Curator's Notes: Some of you reading this post might be thinking..."strengthening social learning, I don't even have it in place yet; it's not even on my radar. And that's the reason why I'm posting it. It is here, it's coming, so it's your advantage as an HR professional to begin to learn about it.
Why? It is my prediction it will be and in some ways already is the most cost effective way to train and develop a staff with a dimensional r-o-i. I will be, in the next few weeks, activating a beta test on a Management Training APP for my clients and so will be able to add tangible information to the mobile - social learning discussion.
For now - enjoy this post courtesy of @Social_LMS's tweet & written by @DasheThomson
Strengthening Social Learning In the Workplace
by PAUL on SEPTEMBER 13, 2011 in SOCIAL LEARNING
The training industry has seen plenty of debate around whether or not organizations can and should take steps to strengthen social learning. Everyone agrees that social learning is very important and that somewhere between 70% and 80% of all learning is done socially and/or informally. Many thought leaders in the industry believe social learning is something that happens spontaneously and continuously, and that any attempt by an organization to capture, share or strengthen these critical informal learning processes instantly formalizes them.
I just don’t buy it. Harold Jarche defines social learning as “the lubricant of networked, collaborative work.” I love that definition! But Harold, Peter Isacksonand Jay Cross go on to argue that the fundamental key to the success of [social learning] is the notion of “self-organized groups who learn on their own. If education is to become truly non-invasive, it must refrain from defining both the goals and the means to teach them, entrusting the groups with this task.”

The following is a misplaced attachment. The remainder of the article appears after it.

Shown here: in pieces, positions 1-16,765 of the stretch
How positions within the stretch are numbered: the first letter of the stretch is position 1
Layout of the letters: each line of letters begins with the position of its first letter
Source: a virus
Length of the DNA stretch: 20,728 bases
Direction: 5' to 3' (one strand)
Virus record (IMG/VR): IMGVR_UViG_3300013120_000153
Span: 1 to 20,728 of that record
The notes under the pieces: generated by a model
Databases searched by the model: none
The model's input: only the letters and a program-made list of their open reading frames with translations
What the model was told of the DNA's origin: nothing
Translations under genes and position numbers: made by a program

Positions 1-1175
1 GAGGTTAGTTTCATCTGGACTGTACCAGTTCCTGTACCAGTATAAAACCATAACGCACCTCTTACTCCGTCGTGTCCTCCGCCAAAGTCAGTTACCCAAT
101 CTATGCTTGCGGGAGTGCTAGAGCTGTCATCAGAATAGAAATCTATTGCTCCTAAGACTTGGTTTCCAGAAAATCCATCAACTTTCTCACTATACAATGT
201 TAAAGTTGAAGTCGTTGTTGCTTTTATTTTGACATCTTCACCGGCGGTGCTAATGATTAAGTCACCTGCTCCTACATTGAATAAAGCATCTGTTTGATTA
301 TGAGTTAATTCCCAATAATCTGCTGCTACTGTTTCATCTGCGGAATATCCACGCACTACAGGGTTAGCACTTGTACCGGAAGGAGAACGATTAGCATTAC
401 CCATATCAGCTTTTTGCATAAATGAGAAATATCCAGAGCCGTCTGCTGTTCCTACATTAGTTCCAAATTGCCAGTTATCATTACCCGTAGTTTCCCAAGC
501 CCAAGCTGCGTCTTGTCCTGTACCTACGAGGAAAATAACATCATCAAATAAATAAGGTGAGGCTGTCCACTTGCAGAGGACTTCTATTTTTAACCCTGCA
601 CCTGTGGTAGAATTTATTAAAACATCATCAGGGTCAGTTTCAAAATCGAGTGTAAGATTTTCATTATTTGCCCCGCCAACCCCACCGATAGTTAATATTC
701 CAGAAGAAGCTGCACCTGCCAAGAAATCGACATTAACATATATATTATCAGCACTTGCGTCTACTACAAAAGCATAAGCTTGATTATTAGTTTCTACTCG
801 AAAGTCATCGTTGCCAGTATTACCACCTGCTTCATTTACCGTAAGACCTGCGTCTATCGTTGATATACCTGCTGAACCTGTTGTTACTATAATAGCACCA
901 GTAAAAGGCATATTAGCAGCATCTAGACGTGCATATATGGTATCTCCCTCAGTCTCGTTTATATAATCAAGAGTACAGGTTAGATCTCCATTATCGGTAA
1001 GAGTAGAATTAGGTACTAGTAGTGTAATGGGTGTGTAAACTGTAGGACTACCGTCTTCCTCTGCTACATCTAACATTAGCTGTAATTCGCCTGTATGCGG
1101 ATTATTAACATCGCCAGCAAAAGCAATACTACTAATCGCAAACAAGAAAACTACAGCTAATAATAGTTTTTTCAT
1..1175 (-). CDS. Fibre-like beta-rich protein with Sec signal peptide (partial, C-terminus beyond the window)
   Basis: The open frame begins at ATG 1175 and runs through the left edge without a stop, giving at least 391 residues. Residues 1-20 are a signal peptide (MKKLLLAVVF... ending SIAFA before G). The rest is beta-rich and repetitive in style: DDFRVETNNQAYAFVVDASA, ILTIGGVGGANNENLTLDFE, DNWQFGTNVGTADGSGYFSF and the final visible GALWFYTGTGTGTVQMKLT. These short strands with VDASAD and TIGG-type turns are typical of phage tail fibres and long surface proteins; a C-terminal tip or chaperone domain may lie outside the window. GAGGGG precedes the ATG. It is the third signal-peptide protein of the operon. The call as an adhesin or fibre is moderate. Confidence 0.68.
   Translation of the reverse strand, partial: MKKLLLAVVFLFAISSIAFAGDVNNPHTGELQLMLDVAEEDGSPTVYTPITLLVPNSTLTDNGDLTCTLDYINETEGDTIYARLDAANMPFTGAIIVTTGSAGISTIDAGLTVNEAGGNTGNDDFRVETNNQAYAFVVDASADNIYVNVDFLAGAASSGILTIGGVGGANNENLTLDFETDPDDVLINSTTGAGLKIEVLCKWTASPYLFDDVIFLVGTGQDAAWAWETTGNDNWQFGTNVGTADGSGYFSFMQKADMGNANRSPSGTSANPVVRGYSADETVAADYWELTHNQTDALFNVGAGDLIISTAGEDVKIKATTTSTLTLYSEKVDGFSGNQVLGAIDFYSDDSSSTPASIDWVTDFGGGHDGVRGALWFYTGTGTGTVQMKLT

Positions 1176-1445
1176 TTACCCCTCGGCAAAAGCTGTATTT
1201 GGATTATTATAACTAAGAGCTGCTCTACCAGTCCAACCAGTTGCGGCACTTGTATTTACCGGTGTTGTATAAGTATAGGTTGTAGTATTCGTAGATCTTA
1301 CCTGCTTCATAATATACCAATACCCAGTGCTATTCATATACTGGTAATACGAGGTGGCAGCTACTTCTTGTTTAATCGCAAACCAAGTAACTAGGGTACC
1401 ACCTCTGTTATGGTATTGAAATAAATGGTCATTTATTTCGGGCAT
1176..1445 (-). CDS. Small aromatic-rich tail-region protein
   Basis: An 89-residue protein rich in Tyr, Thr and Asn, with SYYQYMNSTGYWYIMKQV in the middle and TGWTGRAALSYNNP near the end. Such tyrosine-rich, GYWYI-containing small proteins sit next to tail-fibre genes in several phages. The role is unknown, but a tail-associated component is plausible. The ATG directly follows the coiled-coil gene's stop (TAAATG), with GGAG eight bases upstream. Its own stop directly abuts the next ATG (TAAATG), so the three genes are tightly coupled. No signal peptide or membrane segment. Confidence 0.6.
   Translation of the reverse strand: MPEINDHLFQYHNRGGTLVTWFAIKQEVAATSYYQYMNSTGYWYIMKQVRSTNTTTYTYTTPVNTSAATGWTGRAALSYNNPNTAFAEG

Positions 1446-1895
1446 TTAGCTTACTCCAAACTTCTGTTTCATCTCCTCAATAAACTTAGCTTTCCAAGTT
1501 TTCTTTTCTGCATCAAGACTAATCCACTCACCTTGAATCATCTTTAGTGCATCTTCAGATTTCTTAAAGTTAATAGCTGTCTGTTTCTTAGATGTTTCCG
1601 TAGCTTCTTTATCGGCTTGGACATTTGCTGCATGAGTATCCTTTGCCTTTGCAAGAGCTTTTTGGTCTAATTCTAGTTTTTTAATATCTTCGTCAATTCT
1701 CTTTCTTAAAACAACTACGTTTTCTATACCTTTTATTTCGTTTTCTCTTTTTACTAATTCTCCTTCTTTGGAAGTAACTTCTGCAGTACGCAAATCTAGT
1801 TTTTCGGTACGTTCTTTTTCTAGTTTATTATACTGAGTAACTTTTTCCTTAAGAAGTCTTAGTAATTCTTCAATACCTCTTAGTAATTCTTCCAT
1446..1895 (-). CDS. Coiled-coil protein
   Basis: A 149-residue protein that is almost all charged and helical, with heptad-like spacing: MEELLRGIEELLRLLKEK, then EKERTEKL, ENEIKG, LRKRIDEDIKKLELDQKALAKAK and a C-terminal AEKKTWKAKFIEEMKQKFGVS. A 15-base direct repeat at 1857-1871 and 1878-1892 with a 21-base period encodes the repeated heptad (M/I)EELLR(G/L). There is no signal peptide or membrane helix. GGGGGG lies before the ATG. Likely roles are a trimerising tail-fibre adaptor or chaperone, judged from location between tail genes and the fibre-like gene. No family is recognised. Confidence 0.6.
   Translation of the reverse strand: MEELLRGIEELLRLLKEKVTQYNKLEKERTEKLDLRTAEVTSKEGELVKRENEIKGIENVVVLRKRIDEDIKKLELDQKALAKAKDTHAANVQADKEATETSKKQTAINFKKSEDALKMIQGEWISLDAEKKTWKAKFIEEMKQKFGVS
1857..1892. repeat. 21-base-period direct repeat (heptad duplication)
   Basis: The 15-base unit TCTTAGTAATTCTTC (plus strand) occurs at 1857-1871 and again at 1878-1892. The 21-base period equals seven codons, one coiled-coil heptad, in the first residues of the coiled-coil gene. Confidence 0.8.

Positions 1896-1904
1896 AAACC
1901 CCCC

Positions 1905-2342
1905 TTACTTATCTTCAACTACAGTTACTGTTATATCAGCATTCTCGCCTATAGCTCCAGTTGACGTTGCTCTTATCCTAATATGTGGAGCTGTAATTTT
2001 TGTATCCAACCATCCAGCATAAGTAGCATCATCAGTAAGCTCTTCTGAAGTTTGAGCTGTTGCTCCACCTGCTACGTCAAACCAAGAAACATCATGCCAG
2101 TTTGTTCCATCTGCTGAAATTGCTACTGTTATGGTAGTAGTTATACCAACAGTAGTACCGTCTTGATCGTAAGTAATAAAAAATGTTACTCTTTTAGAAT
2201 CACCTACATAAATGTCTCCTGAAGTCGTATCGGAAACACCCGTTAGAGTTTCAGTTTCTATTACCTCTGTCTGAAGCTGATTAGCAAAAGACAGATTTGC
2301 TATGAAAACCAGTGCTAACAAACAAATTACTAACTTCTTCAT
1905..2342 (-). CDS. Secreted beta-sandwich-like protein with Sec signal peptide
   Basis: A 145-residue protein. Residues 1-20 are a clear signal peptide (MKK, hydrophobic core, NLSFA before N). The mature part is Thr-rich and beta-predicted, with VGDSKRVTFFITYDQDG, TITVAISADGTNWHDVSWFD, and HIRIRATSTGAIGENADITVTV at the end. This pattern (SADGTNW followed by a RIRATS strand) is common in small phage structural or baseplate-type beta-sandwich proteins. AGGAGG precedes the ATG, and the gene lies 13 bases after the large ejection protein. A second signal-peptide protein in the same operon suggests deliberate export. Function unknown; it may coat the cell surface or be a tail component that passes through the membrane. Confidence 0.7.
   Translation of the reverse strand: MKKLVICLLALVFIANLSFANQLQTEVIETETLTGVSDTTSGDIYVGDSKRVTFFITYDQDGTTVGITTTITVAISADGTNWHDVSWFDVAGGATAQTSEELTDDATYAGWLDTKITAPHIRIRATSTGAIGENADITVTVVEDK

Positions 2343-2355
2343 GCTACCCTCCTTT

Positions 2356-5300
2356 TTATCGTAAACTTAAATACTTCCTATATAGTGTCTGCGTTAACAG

I believe Harold and Jay are missing the point. Why focus so much on the non-invasiveness of learning instead of analyzing the most effective types of learning for different scenarios? Harold, Peter and Jay go on to suggest that educational gurus (which I’ll choose to think of as training facilitators) should refrain from outlining touch points ahead of training, but they should challenge these self-organized groups “to account for why they may be neglecting a certain topic or reminded of the interest in pursuing it.”
What’s wrong with giving a piece of direction to trainees from the beginning? Does it really stifle learning? Would providing guidance take away from learning’s social nature? Does a warning sign illuminate indicating training has become formalized, followed immediately by glazed eyes and nap time?
Dashe & Thomson has found a niche creating custom training for large software deployments. Like most areas of enterprise learning, IT user adoption is moving away from the classical “push” approach towards more effective “pull” learning styles, including performance support and social learning. If we decided, for the purity of social learning, to have end users separate into self-organized groups and begin discussing how to use a new piece of software that most of them have never seen before, it would be a complete waste of time. But if we provided some direction from the beginning and offer participant guides, screen shots, and simulations for the groups to discuss and learn from as a collective, I believe it could be a huge success.
Some topics are so complex or so new that trainees cannot be relied upon to learn the material from each other right off the bat. In these cases, why not leverage trainers to create a “head-start”? You could even train subject matter experts to act as group mentors/facilitators.
It’s time we stop debating what social learning is and is not, and start brainstorming ways to leverage our social tendencies to change behavior.
Source Link: http://www.dashe.com/blog/social-learning/strengthening-social-learning-in-the-workplace
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